Propagating Gypsy Pepper plants…

Well, I was sad to see a good size branch on my Gypsy Pepper plant snapped in a storm. I had even looked at in the morning and thought I needed to tie it to a support. Well, I did not get to it in time. 😦 I have had little luck in rooting pepper branches. I have been treating them like my tomato cuttings that I have had so much good luck with. I decided to try a different method. One closer to how I am propagating a hydrangea at the moment.

The process: I cut the stems down into 6 different sections. As far as I can tell, they all have nodes on a part of the stem. I have some OLD root hormone my dad gave me, so I dipped all the cut ends in that before planting them. I prepared 6 plastic solo cups with wet soil. I also added cinnamon and cayenne pepper. Cinnamon to help keep away any fungal problems and cayenne in hopes that would keep fungal gnats/bugs out of the plants. The solo cups have a cutout in the bottom and are sitting in another solo cup. I covered the pepper plants and cups with plastic bags. This was to help keep the moisture level high. I am a little worried it might keep it too wet. We will see!

I would be really excited if this experiment works! That would be 6 new plants!!! I will keep them inside under my grow lights until the crushing heat of FL summer is over. Currently, I do have my big Gypsy Pepper plant outside. I am watching it to see if it needs to be brought inside or if it can sustain the heat, which is in the 90s most of the time.




I got my strawberries in the mail today. They had been in my mail box, which I am little concerned about. Not sure how long they were there. They did not look terrible, so I don’t think it was too long but still very warm in there!

I wanted to go ahead and plant them. As I looked around the house for a good pot, I noticed an old garbage can with some hole patterns going up the size. Well, it looked enough like a Strawberry pot that I decided that is what it would become! I cleaned it out really well. The bottom was turned into a self-watering system. I used hay to block up some of the sides and then poked the strawberries out the holes. Fingers crossed it is big enough for all the plants I put in it! I don’t think they need a lot of space given the DIY strawberry towers I have seen.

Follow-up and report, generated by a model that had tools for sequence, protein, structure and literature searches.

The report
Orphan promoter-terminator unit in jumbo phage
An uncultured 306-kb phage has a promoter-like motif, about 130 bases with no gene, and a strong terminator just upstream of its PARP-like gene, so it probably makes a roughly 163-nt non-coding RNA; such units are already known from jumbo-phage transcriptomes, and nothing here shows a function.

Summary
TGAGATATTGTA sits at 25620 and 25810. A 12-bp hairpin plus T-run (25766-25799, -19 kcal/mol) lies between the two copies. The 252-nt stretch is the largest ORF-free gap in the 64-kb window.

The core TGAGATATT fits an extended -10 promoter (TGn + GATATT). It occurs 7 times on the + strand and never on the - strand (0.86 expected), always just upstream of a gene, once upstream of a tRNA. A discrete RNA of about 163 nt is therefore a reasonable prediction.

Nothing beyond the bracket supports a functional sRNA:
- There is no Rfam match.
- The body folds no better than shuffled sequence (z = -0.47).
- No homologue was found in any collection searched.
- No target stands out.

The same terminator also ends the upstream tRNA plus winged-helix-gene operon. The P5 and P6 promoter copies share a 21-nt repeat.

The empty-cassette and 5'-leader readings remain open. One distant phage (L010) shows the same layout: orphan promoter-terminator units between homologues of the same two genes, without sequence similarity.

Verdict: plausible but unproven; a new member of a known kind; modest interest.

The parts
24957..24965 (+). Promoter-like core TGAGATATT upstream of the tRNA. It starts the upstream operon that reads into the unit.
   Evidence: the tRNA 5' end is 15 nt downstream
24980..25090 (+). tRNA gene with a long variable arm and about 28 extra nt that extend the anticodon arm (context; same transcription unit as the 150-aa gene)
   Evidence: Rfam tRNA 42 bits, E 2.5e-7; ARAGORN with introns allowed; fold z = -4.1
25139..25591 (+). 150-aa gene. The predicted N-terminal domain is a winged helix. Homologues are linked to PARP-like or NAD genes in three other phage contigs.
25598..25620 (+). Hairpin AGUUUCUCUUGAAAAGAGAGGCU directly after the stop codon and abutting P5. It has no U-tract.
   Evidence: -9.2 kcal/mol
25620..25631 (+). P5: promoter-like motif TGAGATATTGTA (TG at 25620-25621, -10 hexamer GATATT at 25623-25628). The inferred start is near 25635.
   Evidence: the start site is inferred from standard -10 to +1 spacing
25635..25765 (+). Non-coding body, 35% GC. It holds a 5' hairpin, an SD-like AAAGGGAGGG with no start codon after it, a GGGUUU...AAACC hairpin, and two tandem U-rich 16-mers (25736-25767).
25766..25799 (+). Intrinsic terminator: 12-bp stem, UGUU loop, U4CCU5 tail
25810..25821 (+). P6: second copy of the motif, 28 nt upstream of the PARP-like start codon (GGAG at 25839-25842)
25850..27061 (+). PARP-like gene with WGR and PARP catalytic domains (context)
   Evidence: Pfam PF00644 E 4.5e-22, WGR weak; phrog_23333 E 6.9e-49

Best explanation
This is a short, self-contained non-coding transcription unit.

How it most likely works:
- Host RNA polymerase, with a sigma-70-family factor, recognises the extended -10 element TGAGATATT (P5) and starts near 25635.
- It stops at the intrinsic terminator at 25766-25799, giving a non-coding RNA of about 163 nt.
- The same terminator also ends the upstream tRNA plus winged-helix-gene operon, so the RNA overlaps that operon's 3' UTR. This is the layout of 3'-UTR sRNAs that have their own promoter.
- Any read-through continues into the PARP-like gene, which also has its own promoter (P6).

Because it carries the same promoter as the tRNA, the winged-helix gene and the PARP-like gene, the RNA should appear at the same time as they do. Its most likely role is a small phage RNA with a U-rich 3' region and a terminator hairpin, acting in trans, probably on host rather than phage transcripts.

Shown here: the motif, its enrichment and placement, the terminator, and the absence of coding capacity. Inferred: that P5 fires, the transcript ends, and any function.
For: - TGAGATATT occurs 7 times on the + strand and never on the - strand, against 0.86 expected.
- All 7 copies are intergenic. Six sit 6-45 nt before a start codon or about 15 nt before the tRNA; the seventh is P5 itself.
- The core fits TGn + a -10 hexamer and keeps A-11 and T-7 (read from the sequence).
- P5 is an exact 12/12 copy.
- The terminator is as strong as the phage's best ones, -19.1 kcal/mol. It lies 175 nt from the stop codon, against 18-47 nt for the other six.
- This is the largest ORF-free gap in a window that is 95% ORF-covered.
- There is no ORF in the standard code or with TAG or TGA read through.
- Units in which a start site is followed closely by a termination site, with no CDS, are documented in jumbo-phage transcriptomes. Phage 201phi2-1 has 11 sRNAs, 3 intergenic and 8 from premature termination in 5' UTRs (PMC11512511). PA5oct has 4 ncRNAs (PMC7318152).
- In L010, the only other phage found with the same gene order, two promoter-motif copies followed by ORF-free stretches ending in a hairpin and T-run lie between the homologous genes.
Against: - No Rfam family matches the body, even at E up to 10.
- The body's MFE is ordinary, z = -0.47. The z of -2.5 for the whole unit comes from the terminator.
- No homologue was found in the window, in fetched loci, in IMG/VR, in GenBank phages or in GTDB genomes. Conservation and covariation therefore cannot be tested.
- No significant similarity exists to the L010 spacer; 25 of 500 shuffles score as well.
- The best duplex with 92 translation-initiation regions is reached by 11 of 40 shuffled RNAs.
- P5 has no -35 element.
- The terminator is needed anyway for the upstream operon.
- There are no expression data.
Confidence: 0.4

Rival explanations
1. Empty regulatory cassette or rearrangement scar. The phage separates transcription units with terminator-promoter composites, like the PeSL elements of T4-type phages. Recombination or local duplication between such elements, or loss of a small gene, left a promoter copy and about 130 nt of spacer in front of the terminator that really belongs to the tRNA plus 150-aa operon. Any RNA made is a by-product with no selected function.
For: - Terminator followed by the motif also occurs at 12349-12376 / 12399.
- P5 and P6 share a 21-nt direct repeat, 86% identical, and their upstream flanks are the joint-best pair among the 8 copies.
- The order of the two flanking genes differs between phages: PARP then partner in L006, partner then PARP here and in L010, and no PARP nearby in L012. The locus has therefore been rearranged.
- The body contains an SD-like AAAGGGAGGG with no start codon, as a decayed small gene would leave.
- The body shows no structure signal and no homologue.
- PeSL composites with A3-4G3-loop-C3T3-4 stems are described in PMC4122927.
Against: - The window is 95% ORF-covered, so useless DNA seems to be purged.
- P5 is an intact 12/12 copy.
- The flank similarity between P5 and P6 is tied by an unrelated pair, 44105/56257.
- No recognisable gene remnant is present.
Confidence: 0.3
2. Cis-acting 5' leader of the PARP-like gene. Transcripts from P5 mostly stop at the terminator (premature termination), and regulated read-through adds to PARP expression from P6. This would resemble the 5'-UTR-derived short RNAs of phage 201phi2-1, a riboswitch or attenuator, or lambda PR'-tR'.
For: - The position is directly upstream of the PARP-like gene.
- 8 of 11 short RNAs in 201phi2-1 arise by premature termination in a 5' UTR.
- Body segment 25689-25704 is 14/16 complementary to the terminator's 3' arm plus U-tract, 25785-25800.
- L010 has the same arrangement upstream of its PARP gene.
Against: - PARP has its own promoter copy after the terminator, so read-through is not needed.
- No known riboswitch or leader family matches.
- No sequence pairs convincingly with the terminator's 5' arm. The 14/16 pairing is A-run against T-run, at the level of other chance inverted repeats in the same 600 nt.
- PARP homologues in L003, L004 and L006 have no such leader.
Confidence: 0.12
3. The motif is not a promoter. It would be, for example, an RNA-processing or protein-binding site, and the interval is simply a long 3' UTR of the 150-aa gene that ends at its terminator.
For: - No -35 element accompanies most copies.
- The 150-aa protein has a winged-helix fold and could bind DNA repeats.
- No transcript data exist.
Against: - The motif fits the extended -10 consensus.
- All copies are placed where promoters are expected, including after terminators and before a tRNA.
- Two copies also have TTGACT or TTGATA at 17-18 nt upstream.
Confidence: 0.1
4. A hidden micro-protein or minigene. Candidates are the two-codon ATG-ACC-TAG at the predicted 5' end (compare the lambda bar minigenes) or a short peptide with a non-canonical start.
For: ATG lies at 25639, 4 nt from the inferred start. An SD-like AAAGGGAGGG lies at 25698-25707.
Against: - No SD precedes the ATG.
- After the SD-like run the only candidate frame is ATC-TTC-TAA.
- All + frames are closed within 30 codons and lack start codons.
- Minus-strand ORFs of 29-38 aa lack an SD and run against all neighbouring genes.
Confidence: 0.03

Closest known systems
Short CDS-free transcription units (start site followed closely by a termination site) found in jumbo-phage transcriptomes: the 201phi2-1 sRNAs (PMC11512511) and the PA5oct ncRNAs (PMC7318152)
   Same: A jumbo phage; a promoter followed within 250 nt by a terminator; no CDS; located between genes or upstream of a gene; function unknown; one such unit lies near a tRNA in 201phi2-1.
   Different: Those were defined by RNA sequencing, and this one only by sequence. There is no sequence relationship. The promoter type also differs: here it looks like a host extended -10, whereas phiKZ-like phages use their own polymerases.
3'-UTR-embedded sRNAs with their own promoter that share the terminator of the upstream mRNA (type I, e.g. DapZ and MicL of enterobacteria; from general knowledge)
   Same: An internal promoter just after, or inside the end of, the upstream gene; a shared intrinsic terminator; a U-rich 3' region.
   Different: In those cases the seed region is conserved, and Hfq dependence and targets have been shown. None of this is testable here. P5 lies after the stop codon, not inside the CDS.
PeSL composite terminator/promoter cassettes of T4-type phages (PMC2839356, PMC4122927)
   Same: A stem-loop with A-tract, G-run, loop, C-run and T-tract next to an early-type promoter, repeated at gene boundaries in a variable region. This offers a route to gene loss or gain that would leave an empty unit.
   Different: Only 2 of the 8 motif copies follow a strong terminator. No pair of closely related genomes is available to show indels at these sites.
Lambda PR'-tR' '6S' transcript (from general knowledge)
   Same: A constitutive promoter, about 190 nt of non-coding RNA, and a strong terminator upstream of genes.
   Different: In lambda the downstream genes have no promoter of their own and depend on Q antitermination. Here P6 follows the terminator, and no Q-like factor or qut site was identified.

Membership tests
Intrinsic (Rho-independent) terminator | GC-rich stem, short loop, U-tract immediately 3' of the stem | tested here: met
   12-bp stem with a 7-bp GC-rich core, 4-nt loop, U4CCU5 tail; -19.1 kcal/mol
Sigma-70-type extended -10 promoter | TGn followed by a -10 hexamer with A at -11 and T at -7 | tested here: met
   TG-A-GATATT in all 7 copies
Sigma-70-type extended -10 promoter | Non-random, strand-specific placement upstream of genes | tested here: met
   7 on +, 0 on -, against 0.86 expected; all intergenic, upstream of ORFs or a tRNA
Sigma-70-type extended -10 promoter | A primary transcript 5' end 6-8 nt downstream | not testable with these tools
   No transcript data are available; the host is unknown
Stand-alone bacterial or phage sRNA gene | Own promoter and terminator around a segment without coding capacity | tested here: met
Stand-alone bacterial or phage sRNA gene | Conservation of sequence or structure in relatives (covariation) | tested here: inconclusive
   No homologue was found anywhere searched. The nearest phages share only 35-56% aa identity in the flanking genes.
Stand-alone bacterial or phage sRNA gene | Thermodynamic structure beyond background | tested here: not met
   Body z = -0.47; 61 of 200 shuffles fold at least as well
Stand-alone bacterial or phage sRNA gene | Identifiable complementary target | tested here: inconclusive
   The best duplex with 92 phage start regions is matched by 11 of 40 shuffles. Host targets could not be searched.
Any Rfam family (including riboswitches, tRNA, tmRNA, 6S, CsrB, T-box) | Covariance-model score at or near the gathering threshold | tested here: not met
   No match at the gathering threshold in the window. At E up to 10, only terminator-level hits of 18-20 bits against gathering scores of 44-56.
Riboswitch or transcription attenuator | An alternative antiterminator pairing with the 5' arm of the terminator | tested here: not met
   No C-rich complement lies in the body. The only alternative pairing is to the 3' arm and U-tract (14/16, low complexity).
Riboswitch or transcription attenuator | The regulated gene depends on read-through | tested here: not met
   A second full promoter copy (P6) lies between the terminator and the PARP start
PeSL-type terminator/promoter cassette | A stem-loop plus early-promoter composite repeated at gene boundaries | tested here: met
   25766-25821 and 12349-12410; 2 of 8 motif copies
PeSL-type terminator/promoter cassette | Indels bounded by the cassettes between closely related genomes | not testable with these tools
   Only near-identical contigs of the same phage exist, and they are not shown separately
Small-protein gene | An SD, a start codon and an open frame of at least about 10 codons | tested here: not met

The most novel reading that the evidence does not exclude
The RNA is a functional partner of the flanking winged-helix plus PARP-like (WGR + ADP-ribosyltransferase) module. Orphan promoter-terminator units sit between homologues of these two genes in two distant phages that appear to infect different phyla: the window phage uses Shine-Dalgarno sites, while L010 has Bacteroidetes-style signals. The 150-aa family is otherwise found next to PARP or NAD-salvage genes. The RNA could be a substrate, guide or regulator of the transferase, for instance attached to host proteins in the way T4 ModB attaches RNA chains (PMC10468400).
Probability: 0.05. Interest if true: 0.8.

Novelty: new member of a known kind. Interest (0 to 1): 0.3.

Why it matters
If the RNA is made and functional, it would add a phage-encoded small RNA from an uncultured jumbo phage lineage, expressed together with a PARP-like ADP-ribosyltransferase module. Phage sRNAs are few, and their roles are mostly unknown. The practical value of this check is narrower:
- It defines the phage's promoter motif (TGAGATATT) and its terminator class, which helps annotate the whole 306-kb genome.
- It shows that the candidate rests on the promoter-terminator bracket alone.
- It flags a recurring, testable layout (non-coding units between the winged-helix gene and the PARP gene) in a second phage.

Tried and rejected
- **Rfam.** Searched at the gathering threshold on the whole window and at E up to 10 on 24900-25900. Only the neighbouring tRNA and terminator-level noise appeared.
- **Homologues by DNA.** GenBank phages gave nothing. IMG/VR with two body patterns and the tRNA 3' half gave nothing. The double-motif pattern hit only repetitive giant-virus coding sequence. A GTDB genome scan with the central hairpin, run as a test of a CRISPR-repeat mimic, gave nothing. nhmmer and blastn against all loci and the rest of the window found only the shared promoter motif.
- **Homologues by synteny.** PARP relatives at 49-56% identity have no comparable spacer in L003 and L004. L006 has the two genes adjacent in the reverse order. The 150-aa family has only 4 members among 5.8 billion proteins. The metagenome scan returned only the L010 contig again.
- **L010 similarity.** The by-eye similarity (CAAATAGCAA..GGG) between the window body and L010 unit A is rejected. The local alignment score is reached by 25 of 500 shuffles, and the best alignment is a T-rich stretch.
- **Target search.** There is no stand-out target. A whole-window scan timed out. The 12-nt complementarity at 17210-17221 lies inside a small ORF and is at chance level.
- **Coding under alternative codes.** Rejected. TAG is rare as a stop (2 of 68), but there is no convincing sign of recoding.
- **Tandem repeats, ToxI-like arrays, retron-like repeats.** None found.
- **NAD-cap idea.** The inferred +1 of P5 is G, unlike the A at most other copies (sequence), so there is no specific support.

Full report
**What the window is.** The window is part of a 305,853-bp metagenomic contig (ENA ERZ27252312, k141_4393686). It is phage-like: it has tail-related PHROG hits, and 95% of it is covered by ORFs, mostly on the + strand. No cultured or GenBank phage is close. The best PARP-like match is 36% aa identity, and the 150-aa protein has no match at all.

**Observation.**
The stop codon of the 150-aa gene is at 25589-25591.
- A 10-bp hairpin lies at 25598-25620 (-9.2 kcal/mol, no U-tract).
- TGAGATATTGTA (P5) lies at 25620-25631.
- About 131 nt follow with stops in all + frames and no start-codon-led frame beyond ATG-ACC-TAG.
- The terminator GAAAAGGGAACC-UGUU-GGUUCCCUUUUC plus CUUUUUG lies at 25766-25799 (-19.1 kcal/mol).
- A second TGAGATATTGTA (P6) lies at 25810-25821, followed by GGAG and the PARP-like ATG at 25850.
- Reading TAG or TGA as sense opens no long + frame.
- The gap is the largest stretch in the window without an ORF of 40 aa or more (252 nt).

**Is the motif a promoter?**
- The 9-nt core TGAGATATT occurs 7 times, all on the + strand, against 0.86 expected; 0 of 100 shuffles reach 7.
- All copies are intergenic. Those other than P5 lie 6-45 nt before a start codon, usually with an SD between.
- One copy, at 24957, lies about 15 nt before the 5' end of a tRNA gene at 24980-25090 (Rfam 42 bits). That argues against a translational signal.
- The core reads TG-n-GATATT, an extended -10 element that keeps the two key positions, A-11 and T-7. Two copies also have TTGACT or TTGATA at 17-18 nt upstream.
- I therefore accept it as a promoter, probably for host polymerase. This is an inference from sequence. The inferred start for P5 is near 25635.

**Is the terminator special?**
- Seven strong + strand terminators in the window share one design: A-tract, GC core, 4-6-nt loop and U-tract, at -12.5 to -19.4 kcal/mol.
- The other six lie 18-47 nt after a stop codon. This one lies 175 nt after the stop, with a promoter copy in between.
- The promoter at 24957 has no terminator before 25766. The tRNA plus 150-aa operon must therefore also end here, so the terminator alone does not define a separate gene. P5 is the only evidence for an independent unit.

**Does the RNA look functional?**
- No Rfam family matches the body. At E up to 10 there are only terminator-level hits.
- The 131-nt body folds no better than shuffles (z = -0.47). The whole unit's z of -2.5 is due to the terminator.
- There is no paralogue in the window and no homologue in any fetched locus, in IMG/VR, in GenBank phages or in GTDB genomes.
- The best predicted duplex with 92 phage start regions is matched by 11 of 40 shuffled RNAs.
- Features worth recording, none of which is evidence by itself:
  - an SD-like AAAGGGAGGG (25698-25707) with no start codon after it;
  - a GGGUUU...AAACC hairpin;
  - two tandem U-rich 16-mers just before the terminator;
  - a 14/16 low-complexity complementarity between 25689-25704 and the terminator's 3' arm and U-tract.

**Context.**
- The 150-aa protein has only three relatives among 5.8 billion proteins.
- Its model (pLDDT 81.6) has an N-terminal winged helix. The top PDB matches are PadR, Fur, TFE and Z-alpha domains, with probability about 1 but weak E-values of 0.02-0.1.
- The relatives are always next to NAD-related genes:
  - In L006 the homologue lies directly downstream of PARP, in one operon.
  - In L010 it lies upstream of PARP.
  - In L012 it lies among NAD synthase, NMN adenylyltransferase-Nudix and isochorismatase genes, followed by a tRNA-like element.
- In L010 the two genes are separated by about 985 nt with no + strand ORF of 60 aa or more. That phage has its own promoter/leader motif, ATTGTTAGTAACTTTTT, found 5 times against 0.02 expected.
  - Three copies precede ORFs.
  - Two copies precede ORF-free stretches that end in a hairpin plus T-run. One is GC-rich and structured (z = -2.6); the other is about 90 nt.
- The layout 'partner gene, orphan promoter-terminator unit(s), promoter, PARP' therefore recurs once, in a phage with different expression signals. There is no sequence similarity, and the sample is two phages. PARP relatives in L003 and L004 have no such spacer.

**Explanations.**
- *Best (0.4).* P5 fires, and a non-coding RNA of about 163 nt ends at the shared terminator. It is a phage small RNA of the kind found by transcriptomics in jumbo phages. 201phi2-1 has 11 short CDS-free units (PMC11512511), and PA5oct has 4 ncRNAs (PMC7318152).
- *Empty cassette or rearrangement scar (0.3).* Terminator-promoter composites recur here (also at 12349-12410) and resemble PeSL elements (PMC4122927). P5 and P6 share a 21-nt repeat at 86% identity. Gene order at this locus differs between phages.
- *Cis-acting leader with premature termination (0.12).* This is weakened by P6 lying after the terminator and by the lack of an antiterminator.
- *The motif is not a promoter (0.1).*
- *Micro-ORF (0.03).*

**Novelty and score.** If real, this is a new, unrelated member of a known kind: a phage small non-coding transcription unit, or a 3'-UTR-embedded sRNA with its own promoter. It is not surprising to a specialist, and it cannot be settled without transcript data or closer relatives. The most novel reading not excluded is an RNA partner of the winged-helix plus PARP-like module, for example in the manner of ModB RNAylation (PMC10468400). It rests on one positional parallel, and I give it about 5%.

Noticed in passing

Currently, it will live on the porch. I think my porch has become my nursery for the newly planted plants and seeds. Hopefully, they will get established soon. I am sure it will be a few months until they start to produce.

** About a day or so after I planted these, I started to notice mold in the hay. I am not sure if this is actually a problem yet, but I am pretty bummed. It is REALLY wet in FL right now. We were having a drought, but now, it has been raining every day for about 4 days. The forecast has it raining for another week. So I am not sure if it is the weather or something in the hay. I hope the plants are already strong enough to handle the problem! I did spray the planter with Neems Oil, but with all the little holes and all the hay, I am not sure this will work.

***Two weeks later, I did not think the strawberries were getting enough light, so I moved them outside. 7/1 I brought them inside. about half of them on one side did not survive. Not sure what to make of it.

Growing Tomatoes (and other things) inside?

Well, over the past few weeks, I have learned some interesting things about gardening in Central FL. Things like tomatoes and other nightshade plants do not do really well in temperatures over 90. Not that the plants cannot take the heat (although that can happen too) but that their flowers will not set and might fall off. That was not fun to learn given that my plants were just starting to really produce.

SO PLAN B! I brought my tomatoes inside and put them under a grow light. About a week after bringing them inside, I picked some of my first ripe tomatoes. It felt good! Since they have been inside, I have had 4 more tomatoes develop, so I am happy about that. I have not seen any new ones in about a week, though. I did find some green caterpillars on the plants about the same time. Over the next 3 days, I checked my plants over and over to pick them off and rid the plants of the little buggers! I have also had some dry leaves and fungal gnats. The fungal gnats are my current battle I am determined to win.

Since bringing my tomatoes in, I decided to plant a few other vegetable plants inside. I also brought in a few of the olds that have been struggling with the weather. I will keep some notes to see how they progress inside.

Currently inside with big grow lights:
Tomatoes (Full plants and cuttings)
Black beans
Winter Squash
Zucchini (Full plant and seedlings)
Cucumbers (seedlings)
Peas (seedlings)
Carrots (seedlings)
Broccoli (seedlings)
Brussel Sprouts (seedlings)

Under a small grow light and kitchen window. About 3 weeks old.
Minor leaf lettuce

Beets (3 weeks old where inside until 2 days ago, although read they like cold so might be moving them back inside. FL is in the 90s now)
Turnips (3 weeks old where inside until 2 days ago, although read they like cold so might be moving them back inside. FL is in the 90s now)
Russet potatoes

Outside in parking spot
Peppers (has full-size peppers and still set fruit about 1 week ago)
Eggplant (setting fruit but 2 blossoms fell off in the past week. Might be getting too hot)
Winter Squash (just starting to produce flowers)
Tomato (small and has never flowered)
Lemon tree